Annual inflation accelerated in December at a record pace, prompting worries that interest rates might rise sooner than expected, though the surge was largely due to an unflattering comparison with a year earlier.
Base effects from December 2008's cut in value-added tax, savage pre-Christmas discounting and near-record drop in oil prices accounted for the jump in inflation a year later. Sterling hit a four-month high against the euro and bonds tumbled on the news.
Consumer prices rose at a year-on-year rate of 2.9 percent in December — a nine-month high — and a full percentage point faster than the 1.9 percent recorded in November, the biggest month-to-month jump since records started in January 1997.
Economists had expected a rise to 2.6 percent.
The longer-running retail price index, which includes more housing costs but is not targeted by the Bank of England, rose to 2.4 percent from 0.3 percent, the highest since November 2008 and the biggest monthly increase in the annual rate since 1979.
Gilt and interest rate futures plunged as markets bet the Bank of England may have to start tightening monetary policy sooner than planned, given the speed with which inflation is moving above the BoE's 2 percent target.
"This number must raise questions at the BoE as to why inflation hasn't slowed more in the light of the economic decline," said David Page, economist at Investec.
"The question now is not whether the BoE will do more QE, but when it will start tightening."
Most economists reckon the Bank will hold off adding to its 200 billion pound quantitative easing program next month and make no new purchases of gilts.
Tuesday's data also hardened expectations it may also raise interest rates from a record low of 0.5 percent sooner rather than later.
The Bank of England had already flagged up a temporary hike in inflation but nonetheless forecast that it would fall back to 2 percent by mid-2010 as weakness in the economy prevents firms from raising prices.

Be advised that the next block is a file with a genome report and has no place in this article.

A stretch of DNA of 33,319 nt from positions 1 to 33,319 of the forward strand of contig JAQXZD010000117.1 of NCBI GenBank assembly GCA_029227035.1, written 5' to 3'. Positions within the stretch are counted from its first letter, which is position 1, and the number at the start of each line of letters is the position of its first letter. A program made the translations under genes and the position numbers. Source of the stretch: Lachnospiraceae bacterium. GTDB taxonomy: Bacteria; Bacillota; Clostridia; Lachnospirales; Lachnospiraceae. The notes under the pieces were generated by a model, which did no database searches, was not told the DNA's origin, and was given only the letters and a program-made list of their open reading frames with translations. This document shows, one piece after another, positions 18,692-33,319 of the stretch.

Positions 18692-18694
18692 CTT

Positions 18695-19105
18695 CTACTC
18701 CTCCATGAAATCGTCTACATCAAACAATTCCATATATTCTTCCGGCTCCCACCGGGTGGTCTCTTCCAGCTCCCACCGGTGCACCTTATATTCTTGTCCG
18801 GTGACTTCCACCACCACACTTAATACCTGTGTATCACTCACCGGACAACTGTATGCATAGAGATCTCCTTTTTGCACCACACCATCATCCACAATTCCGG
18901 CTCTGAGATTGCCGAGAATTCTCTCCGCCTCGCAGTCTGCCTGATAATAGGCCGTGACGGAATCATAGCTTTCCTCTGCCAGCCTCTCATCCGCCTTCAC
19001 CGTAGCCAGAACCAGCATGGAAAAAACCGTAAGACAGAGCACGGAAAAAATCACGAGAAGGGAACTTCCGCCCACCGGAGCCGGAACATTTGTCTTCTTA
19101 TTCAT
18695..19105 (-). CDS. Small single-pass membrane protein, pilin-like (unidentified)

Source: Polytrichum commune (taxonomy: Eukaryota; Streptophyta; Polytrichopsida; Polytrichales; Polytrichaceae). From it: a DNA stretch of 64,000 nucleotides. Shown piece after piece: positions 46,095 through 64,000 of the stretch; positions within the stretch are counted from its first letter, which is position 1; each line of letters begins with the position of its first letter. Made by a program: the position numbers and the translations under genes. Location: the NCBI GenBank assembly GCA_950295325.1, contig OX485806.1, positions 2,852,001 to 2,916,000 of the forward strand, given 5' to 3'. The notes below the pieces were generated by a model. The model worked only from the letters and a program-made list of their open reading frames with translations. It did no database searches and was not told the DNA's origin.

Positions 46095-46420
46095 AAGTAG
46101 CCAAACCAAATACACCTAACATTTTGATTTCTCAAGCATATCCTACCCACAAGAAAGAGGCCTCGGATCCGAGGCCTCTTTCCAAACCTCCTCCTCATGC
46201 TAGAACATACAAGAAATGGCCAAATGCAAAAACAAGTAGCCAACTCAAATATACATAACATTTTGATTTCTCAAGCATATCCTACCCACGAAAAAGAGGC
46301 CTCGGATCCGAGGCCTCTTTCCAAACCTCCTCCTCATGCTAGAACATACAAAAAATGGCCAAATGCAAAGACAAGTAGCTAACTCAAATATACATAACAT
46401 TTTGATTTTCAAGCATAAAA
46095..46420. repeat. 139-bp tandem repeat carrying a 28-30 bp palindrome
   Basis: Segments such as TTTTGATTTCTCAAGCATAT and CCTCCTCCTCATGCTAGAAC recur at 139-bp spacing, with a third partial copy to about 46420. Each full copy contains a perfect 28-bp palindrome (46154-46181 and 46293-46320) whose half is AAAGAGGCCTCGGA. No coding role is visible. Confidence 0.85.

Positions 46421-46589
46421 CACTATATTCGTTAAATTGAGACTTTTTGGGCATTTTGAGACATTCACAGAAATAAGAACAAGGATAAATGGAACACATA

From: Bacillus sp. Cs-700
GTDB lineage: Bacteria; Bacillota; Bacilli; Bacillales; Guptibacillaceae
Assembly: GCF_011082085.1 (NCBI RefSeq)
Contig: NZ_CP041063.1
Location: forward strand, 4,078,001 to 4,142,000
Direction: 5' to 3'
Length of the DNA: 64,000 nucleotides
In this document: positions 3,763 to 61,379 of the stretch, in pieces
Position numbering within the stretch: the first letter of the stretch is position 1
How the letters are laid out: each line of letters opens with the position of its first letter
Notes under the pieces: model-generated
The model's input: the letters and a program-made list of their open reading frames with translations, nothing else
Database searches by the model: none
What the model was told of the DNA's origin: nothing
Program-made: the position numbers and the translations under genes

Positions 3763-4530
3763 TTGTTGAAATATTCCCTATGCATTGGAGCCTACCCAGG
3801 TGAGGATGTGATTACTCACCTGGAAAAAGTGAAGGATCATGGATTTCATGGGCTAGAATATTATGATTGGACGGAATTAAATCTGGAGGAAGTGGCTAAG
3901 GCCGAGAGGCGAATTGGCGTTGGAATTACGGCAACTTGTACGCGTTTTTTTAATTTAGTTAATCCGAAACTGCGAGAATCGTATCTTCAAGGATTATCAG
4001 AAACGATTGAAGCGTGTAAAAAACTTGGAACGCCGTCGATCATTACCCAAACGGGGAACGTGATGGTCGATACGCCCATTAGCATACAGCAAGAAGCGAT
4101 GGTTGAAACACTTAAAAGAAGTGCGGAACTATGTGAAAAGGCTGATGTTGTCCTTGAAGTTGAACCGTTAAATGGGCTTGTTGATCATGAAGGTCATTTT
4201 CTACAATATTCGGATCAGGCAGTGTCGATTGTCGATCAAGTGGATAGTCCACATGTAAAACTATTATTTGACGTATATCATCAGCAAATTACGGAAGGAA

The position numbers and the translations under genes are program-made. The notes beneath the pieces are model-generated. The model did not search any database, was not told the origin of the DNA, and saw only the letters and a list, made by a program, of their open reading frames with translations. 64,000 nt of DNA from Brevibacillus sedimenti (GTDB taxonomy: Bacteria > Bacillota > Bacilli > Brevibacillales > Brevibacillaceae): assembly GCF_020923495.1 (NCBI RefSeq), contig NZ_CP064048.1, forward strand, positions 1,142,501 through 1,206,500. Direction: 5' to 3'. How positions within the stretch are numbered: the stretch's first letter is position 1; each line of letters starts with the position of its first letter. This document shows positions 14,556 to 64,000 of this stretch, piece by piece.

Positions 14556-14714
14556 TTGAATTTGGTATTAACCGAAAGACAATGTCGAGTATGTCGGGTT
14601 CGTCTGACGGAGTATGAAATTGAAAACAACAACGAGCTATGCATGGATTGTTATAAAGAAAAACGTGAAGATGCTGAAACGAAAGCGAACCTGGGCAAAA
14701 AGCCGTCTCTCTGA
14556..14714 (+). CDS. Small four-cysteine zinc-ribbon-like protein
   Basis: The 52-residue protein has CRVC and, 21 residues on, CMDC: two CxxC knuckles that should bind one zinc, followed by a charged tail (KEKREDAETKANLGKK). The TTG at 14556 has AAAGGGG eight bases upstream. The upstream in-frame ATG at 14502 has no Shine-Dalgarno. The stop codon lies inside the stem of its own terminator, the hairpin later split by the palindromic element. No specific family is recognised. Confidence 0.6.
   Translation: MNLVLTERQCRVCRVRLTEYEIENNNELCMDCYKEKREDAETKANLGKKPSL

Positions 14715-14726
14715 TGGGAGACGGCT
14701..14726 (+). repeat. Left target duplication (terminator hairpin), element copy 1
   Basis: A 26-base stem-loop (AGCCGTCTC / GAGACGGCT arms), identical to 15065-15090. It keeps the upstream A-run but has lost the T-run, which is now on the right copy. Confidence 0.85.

However, analysts said the scale of December's pick-up put this in doubt.
George Buckley, UK economist at Deutsche Bank, estimated that based on Tuesday's data, inflation would exceed 3.5 percent next month and remain above 3 percent until the second half of the year even if the rate of monthly price changes falls back to its five-year average.
Economists will be closely watching a speech by Bank Governor Mervyn King at 7 p.m. for clues on whether the central bank thinks the new data markedly shifts the medium-term outlook for inflation.
"The pick-up in market inflation expectations will be a little concerning and with activity data set to come in on the firm side later this week, comments from BoE Governor King in a speech tonight will also be closely followed," said James Knightley at ING.
Broad-based year-on-year price rises affecting 10 out of 12 retail sub-sectors, led by transport and clothing and footwear costs, were to blame for December's rise in inflation, the Office for National Statistics said.
Core CPI, which excludes food, energy, tobacco and alcohol, rose by 2.8 percent on the year — its fastest pace of growth since records began in January 1997.
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